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Queenstown & Milford Sound Tour (6Days/5Nights)

Day 01

Arrive in Queenstown

Visit Kiwi Birdlife Park

Visit Ivan Clarke Gallery

Stay Night in Queenstown

Day 02

Boat ride at Lak Wakatipu with the TSS Earnslaw ship

Lake Wakatipu is a habitat for the longfin eel, brown trout, salmon and rainbow trout. These and other fish support predators such as the pied shag. The black-billed gull is often found around the lake while the most common birds are the black-billed gull and the introduced mallard. A smaller bird often not noticed because of its size is the New Zealand scaup.

Stay Night in Queenstown

Day 03

Get Jet Boat ride

City tour at Arrowtown

Stay Night in Queenstown

Day 04

Te Anau Glowworm Cave

The Te Ana-au caves are a culturally and ecologically important system of limestone caves on the western shore of Lake Te Anau, in the southwest of New Zealand. It later became a major tourist attraction for the area, as the part of the caverns close to the lake shore is home to glowworms. The unofficial name used by the national caving association is Aurora. The caves are geologically young (estimated 12,000 years) and hence there is only one tiny stalactite.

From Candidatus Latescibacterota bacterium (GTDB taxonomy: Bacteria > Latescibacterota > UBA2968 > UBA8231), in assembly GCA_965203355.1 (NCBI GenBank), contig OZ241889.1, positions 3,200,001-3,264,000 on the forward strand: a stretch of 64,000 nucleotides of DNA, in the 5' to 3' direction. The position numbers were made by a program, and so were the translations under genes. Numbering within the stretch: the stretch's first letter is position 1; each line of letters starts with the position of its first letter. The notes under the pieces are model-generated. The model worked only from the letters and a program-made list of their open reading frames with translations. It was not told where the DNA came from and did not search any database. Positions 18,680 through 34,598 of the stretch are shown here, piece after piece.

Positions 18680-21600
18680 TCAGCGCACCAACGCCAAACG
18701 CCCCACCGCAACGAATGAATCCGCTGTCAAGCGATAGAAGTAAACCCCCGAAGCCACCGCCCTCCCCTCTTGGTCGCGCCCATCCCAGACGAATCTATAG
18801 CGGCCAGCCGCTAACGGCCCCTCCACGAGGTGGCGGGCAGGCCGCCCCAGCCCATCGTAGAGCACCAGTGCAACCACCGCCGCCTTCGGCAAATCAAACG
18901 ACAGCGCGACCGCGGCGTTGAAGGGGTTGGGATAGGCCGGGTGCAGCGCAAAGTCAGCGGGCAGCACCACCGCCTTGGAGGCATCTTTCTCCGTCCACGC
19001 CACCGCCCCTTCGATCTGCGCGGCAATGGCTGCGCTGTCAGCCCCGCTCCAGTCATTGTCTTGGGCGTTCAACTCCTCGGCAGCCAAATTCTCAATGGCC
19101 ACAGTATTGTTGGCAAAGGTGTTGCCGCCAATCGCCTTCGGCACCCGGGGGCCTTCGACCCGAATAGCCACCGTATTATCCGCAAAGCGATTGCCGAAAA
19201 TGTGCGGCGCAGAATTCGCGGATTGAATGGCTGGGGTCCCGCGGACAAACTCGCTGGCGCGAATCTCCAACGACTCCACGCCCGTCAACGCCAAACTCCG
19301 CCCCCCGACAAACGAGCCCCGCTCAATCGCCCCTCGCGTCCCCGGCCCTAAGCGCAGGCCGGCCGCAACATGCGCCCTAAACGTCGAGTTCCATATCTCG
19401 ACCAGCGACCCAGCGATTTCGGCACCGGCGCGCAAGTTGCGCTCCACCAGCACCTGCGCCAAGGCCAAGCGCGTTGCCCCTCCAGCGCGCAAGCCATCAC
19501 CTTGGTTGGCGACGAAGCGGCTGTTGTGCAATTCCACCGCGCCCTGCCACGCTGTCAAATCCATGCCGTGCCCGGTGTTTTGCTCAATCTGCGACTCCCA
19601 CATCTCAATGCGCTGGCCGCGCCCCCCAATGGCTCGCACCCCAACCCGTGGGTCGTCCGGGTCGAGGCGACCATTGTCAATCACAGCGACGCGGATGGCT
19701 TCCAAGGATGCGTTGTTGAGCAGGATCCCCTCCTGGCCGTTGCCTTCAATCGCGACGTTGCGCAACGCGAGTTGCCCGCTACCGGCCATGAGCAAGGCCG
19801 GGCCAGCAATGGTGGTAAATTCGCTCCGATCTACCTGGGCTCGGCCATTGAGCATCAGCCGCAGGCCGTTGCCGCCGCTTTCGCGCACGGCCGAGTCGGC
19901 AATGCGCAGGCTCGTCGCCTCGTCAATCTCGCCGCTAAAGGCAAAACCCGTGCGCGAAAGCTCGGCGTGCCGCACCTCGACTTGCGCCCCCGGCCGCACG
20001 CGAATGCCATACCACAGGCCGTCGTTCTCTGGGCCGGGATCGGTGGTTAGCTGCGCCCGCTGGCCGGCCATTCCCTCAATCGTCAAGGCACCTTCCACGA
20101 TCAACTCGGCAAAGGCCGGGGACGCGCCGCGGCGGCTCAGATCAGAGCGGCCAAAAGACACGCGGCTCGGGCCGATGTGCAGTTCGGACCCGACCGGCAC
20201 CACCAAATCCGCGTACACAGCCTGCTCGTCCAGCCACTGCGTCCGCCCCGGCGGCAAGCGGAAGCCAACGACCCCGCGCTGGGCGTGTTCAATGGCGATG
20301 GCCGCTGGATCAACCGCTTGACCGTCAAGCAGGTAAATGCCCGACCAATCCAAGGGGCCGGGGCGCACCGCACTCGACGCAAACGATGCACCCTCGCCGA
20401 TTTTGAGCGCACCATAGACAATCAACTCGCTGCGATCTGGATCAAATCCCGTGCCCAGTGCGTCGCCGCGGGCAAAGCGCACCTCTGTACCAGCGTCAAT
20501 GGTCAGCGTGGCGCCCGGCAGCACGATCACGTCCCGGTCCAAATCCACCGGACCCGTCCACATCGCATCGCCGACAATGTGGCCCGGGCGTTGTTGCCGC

The Māori name Te Ana-au can be translated as "The Swirling Cave" in reference to the water running through it. The water, Tunnel Burn, is the outflow of Lake Orbell.

Stay Night in in Te Anau

Day 05

Milford Sound Nature Cruise

Tramping, canoeing, and some other water sports are possible. A small number of companies also provide overnight boat trips. There is otherwise only limited accommodation at the sound, and only a very small percentage of tourists stay more than the day. The Milford Discovery Centre & Underwater Observatory is located in Harrisons Cove on the north side of the fiord. Situated within the Piopiotahi Marine Reserve, the underwater observatory allows visitors to view the fiord's unique marine environment at a depth of 10 metres. Due to a natural phenomenon called 'deep water emergence,' deep-water animals such as black coral can be viewed in the shallow waters surrounding the observatory. A dark surface layer of fresh water, stained brown by tannins from the surrounding forest, along with cold water temperatures allow the black corals to grow close to the surface throughout Milford Sound and Fiordland.

Milford Sound is home to a variety of marine mammals, including seals and the southernmost wild population of bottlenose dolphins. Whales, especially the humpback and southern right whales, are increasingly observed due to recoveries of each species.

Stay Night in in Te Anau

Day 06

Move back to Airport

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